No secrecy about Artificial Pitch at Mitchelton Football Club

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Mitchelton Football Club has hit back at claims a $1.5 million artificial field is a secret project that will rob the public of open space at Teralba Park.

Former Mitchie Makers Market operator Steve York has launched a campaign to postpone work on the field, due to start soon, until all park users had been consulted.

Among Mr York’s claims were that the project had been a secret, was not financially viable and a 2m-high fence would be built to keep people out.

He said part of the park would be fenced off for “an exclusive part of the community”.

But Mitchelton FC president Bryan Cook said the project had been planned for five years and club members had been given information and reports over that time.

In June the North-West News reported the club had secured a $500,000 state government grant for the project.

Mr Cook said the club leased its fields from Brisbane City Council, and paid to do so.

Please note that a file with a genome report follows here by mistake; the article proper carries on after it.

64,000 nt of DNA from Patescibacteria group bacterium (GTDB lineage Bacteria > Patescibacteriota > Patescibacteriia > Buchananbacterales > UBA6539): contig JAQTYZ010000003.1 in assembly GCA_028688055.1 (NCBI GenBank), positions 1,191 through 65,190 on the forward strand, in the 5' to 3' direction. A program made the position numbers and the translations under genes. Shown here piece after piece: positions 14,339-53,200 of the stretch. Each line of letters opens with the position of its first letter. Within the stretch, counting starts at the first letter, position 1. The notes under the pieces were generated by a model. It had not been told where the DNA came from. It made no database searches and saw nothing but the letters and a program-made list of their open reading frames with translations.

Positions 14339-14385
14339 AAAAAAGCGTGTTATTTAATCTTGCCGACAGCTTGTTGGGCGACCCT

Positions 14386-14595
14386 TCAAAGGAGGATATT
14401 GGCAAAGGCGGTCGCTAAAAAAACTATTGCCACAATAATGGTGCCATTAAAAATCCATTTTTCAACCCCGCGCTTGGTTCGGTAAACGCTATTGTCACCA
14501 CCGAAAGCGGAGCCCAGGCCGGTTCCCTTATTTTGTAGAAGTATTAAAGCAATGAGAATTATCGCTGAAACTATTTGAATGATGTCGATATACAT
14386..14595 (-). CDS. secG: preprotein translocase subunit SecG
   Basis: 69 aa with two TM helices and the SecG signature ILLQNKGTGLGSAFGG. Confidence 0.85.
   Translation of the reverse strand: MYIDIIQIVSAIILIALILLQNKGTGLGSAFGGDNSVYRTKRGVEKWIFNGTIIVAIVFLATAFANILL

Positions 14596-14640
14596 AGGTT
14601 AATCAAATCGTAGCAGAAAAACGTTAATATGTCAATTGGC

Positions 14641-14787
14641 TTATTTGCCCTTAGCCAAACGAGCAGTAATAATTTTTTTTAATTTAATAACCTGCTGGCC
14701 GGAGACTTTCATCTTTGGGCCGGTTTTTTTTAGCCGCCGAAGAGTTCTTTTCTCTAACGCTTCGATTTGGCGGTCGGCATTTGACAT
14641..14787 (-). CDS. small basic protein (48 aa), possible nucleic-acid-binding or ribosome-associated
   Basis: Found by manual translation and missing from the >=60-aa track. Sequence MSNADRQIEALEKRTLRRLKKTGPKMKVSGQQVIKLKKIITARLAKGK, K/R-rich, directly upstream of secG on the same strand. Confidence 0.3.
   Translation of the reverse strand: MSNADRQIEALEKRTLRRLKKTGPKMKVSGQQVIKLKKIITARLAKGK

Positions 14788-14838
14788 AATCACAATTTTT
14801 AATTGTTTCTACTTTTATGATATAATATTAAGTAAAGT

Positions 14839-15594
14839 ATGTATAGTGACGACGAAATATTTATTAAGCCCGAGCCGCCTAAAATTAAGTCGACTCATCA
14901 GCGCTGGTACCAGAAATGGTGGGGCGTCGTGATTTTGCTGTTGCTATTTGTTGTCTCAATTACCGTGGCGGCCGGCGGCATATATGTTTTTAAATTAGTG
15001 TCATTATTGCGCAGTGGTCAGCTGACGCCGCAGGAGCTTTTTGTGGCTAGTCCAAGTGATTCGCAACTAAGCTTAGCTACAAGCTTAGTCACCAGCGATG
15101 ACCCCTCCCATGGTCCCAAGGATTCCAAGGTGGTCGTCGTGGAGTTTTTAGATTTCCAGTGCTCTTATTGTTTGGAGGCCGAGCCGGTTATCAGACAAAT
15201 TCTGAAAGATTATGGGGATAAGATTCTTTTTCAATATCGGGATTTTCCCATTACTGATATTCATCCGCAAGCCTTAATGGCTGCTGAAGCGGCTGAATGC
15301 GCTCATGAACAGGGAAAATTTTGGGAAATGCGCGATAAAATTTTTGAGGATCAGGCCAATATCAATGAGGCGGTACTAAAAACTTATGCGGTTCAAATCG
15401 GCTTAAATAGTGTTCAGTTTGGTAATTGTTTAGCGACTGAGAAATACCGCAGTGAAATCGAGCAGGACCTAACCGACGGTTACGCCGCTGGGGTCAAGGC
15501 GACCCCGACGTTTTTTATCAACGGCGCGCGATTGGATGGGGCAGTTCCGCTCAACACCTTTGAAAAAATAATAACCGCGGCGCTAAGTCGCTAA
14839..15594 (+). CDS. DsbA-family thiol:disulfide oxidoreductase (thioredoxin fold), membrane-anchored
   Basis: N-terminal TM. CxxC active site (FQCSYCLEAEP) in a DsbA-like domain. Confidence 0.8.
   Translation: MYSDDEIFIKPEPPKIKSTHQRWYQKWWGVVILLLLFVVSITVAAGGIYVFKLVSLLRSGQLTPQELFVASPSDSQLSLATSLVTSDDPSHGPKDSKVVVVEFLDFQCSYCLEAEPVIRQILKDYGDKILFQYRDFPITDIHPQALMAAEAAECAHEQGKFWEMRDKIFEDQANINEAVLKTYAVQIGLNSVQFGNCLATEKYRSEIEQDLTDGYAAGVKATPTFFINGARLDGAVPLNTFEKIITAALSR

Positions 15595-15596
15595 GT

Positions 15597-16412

He said the field would be fenced but the gates would not be locked.

The artificial pitch, he said, would be an all-weather surface that would allow 75 hours of use a week, compared to 15 hours for the grassed surface.

The quality of the artificial surface would enable paid bookings by groups looking for a FIFA standard pitch, and enable a year-round six-a-side competition that would also generate revenue.

Mr Cook said the current field had been deemed unsafe three times by Football Brisbane because the grass wore down during the winter months.

“With the introduction of water charges clubs all over Brisbane have struggled to maintain a reasonable and safe playing surface for their players,” he said.

“The whole purpose of the pitch is to provide an all-weather surface for all players at all levels to be able to train and play”.

“That pitch will be used by everyone.”

Mr Cook said the $20,000 a year maintenance cost was the same as for a grassed field.

This included its replacement at the end of its life.

The Mitchie Makers Market was held at the club’s grounds until last January when the club decided it could no longer accommodate them due to high demand for its fields.

The council contributed $1 million to the project and the State Government $500,000.

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